21. Gathers and assesses relevant information, using abstract ideas to interpret it effectively, • Gather information • Analyze and assess it • Evaluate it By: --gathering information, then --assessing it and determining what it means and what it is worth

    22. Comes to well-reasoned conclusions and solutions, testing them against relevant criteria and standards; Draw conclusions Find solutions Use relevant criteria to test them By: --drawing conclusions from the information presented --finding possible, plausible solutions and testing them with relevant criteria

    23. Keep an open mind By --maintaining an open mind

    24. Communicates effectively with others in figuring out solutions to complex problems. Network w/others; keep lines of communication open By networking with others and maintaining open lines of communication with them and others.

    25. To become a cultivated critical thinker: • Develop a sense of observation and curiosity • Become interested in finding new solutions • Share ideas • Ask pertinent questions • Assess statements and arguments • Seek understanding and information Dare to think outside the box!

    26. Also . . . • Examine beliefs, assumptions, and opinions; wei gh them against truth • Listen to others, think about what they say, • give feedback • Become an open-minded listener and reader

    27. On Reading and Critical Reading Part 2:

    28. reading: a differentiated practice No text is neutral. All texts position readers to accept certain views of the world. Readers, however, have the reciprocal power to counter that positioning. • Dominant: reading in agreement with the text. • Alternative: reading in mild disagreement across the text. • Resistant: reading in opposition to the text.Johnson (2001) & Moon (2001)

    29. Read with purpose Read and assimilate thought Read critically and ask questions to evaluate the author arguments Read a variety of books Enjoy reading Read aimlessly Get loss in the muddle of word Swallow everything One tracker reading Hate to read, reading is boring Good Reader vs. Poor Reader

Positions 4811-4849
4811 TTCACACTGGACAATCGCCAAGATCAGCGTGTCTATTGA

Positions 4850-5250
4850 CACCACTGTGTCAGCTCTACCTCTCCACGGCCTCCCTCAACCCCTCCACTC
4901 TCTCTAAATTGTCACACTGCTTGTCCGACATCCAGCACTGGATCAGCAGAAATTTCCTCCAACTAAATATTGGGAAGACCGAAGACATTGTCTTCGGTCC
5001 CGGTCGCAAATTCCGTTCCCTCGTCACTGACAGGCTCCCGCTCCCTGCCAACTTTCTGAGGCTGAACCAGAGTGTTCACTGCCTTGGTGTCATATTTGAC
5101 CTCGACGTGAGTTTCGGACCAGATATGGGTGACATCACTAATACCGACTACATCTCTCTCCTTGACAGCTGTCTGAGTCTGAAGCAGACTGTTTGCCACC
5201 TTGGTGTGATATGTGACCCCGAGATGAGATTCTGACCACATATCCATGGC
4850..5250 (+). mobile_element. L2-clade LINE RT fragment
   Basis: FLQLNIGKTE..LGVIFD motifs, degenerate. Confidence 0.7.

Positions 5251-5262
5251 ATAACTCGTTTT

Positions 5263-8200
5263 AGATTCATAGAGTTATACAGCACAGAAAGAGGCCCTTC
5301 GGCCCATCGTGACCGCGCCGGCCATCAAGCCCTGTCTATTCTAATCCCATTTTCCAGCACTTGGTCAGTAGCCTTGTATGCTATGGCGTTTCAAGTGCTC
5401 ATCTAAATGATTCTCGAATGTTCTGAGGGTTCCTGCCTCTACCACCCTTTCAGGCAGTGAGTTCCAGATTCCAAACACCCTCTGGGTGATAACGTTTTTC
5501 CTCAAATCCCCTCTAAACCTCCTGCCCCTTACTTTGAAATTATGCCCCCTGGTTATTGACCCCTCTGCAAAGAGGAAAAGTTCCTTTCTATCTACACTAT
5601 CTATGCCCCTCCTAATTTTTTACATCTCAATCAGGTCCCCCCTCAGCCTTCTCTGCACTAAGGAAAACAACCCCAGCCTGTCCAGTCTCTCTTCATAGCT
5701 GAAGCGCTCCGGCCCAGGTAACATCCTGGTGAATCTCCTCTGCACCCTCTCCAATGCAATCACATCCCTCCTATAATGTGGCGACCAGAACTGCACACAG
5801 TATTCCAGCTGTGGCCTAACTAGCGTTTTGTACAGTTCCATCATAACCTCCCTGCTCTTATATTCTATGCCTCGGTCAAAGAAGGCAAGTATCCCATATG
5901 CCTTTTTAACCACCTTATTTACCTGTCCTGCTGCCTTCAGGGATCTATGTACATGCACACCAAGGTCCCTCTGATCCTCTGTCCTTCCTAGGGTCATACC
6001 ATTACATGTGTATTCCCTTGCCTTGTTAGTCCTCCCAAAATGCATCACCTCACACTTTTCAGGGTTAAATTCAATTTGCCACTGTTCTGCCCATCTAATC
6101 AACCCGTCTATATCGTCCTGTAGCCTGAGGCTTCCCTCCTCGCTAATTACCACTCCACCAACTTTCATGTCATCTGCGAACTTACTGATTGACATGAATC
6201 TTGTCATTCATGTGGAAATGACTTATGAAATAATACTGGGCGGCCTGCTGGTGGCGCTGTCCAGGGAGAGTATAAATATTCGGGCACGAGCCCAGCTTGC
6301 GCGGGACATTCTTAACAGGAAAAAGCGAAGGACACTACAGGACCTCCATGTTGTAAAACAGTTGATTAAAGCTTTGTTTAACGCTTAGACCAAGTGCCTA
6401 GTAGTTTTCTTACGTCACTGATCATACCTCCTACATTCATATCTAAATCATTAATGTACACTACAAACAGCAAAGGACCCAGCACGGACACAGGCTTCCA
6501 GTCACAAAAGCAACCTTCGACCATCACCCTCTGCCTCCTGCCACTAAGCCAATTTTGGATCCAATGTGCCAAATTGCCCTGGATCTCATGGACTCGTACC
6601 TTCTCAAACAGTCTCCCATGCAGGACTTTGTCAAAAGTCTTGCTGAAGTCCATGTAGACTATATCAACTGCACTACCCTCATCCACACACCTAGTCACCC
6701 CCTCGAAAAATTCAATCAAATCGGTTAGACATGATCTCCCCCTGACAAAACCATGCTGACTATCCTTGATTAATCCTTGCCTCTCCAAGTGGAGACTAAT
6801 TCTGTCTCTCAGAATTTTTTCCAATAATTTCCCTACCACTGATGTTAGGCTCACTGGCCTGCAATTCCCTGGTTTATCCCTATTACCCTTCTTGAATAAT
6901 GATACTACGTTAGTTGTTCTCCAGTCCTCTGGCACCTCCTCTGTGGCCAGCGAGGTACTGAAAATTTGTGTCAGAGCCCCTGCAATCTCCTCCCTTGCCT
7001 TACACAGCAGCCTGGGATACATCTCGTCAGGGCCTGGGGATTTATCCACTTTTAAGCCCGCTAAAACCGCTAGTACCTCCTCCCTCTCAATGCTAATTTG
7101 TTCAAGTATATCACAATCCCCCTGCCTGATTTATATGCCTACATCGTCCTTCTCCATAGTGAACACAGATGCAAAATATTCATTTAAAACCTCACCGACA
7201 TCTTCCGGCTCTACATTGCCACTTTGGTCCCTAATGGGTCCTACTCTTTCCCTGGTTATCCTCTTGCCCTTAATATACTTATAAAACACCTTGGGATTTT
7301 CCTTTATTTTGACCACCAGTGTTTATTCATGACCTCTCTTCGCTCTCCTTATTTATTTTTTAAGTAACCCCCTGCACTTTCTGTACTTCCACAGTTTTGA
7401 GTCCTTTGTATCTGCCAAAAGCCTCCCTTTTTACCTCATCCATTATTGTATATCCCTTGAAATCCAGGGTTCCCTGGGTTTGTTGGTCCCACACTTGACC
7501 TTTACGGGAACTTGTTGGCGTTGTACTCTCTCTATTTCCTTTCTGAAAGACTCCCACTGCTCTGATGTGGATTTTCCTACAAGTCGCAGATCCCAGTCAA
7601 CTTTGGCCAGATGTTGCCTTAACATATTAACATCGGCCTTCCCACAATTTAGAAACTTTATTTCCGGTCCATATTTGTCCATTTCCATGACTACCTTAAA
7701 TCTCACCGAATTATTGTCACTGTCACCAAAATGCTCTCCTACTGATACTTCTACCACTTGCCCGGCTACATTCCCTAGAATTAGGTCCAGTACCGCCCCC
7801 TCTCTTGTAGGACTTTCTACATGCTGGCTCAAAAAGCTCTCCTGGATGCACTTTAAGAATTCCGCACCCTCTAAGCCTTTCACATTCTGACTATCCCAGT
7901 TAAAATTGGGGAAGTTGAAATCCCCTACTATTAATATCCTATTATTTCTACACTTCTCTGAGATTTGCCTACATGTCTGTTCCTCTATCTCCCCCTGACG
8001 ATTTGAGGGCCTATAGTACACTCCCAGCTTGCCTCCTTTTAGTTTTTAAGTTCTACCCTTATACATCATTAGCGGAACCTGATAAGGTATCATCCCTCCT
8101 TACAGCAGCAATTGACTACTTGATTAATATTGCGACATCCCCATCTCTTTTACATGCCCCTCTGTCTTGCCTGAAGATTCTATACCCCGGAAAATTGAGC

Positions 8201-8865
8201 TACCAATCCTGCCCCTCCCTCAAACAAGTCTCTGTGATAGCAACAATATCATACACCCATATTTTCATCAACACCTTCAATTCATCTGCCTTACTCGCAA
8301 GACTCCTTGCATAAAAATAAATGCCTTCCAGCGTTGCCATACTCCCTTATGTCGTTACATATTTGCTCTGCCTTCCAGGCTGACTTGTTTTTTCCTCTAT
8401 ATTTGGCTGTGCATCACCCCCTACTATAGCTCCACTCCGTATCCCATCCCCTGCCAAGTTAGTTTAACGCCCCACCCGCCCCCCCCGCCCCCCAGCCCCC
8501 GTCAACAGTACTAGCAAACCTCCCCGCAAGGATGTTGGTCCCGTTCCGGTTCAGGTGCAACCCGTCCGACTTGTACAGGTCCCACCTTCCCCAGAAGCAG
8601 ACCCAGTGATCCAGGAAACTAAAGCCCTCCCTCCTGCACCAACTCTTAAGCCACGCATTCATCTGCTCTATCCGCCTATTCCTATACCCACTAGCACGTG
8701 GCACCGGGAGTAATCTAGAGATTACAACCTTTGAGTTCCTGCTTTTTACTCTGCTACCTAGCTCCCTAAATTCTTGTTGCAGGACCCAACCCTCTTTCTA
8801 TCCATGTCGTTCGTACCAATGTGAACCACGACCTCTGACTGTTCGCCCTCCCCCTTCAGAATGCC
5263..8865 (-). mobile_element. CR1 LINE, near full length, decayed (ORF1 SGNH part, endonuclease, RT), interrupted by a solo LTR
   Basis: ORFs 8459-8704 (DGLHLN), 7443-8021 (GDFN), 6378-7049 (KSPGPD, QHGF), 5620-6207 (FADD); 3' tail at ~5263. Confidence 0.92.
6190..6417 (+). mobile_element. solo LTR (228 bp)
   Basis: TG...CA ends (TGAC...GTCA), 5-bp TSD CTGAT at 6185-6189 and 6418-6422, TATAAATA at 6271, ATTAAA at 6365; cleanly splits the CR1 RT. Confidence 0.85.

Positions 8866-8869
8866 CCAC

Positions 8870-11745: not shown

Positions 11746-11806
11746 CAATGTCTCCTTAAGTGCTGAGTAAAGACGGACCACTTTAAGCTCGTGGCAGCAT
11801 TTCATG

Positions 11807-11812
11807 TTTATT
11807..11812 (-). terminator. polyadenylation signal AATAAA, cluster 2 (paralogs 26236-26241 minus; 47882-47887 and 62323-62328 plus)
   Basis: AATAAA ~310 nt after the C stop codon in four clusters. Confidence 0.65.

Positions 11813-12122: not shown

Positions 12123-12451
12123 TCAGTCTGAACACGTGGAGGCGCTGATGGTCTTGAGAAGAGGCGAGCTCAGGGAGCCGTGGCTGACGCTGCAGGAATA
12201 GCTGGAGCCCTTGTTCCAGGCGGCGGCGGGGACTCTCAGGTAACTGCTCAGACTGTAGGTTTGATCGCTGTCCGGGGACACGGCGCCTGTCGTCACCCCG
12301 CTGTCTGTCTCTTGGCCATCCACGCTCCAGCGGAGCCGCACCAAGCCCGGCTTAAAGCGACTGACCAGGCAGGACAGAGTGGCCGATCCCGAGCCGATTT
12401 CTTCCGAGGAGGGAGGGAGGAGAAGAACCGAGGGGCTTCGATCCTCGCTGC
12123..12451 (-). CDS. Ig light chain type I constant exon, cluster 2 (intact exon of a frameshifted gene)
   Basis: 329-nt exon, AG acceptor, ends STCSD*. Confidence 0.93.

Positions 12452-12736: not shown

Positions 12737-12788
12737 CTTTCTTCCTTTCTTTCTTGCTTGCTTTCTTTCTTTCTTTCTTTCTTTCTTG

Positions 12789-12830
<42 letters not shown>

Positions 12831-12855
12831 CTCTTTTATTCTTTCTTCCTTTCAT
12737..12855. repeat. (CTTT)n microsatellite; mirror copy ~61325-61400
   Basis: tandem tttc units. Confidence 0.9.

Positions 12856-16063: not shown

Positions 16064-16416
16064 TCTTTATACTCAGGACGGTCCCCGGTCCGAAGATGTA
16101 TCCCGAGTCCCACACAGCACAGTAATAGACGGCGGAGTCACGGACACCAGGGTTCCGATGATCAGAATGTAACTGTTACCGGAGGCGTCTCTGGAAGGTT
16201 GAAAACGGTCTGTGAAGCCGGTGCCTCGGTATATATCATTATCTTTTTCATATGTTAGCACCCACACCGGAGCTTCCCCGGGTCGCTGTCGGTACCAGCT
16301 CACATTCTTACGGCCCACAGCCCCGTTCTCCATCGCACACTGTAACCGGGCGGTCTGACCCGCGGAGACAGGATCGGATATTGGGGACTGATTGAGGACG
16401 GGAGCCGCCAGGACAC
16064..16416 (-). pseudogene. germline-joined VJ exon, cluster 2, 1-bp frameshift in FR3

30. What is “critical reading?” • Preface – “Critical” is not intended to have a negative meaning in the context of “critical reading.” • Definition: An active approach to reading that involves an in depth examination of the text. Memorization and understanding of the text is achieved. Additionally, the text is broken down into its components and examined critically in order to achieve a meaningful understanding of the material.

    31. Passive vs. Active Reading • Passive Reading: - (4 traits) • 1. Largely inactive process. • 2. Low motivation to examine the text critically or at an in-depth level. • 3. Important pieces of data and assumptions may be glossed over and missed. • 4. Data and assumptions that are perceived by the passive reader are accepted at face value or are examined superficially, with little thought.

    32. Passive vs. Active Reading • Active Reading: - Active reading involves interacting with the text and therefore requires significantly more energy than passive reading. • Critical reading ALWAYS involves active reading. The active reader invests sufficient effort to understand the text and commit important details to memory. • The active reader identifies important pieces of data, the assumptions underlying arguments, and examines them critically. They rely on their personal experiences and knowledge of theory to analyze the text.

    33. What Is Critical Reading? • To non-critical readers, texts provide facts. Readers gain knowledge by memorizing the statements within a text. • To the critical reader, any single text provides but one portrayal of the facts, one individual’s “take” on the subject matter. Critical readers thus recognize not only whata text says, but also how the author convey the message.

    34. Critical Reading The critical reader acknowledges that writers make choice; the critical reader makes judgments about the text. • Content: e.g., evidence, examples, details • Language: e.g., “politicians” or “senators” • Structure:e.g., comparison/contrast, analogy

    35. A critical reader • attempts to understand and analyse the reasoning in the text • evaluates the evidence offered • recognises assumptions • takes a challenging and questioning attitude towards the text

    36. A critical reader doesn’t • accept the authority of the text without question • take a passive and purely receptive role towards the text • ‘write off’ the text immediately if the writer’s meaning is not immediately clear • quickly dismiss the text because the views do not match his/her own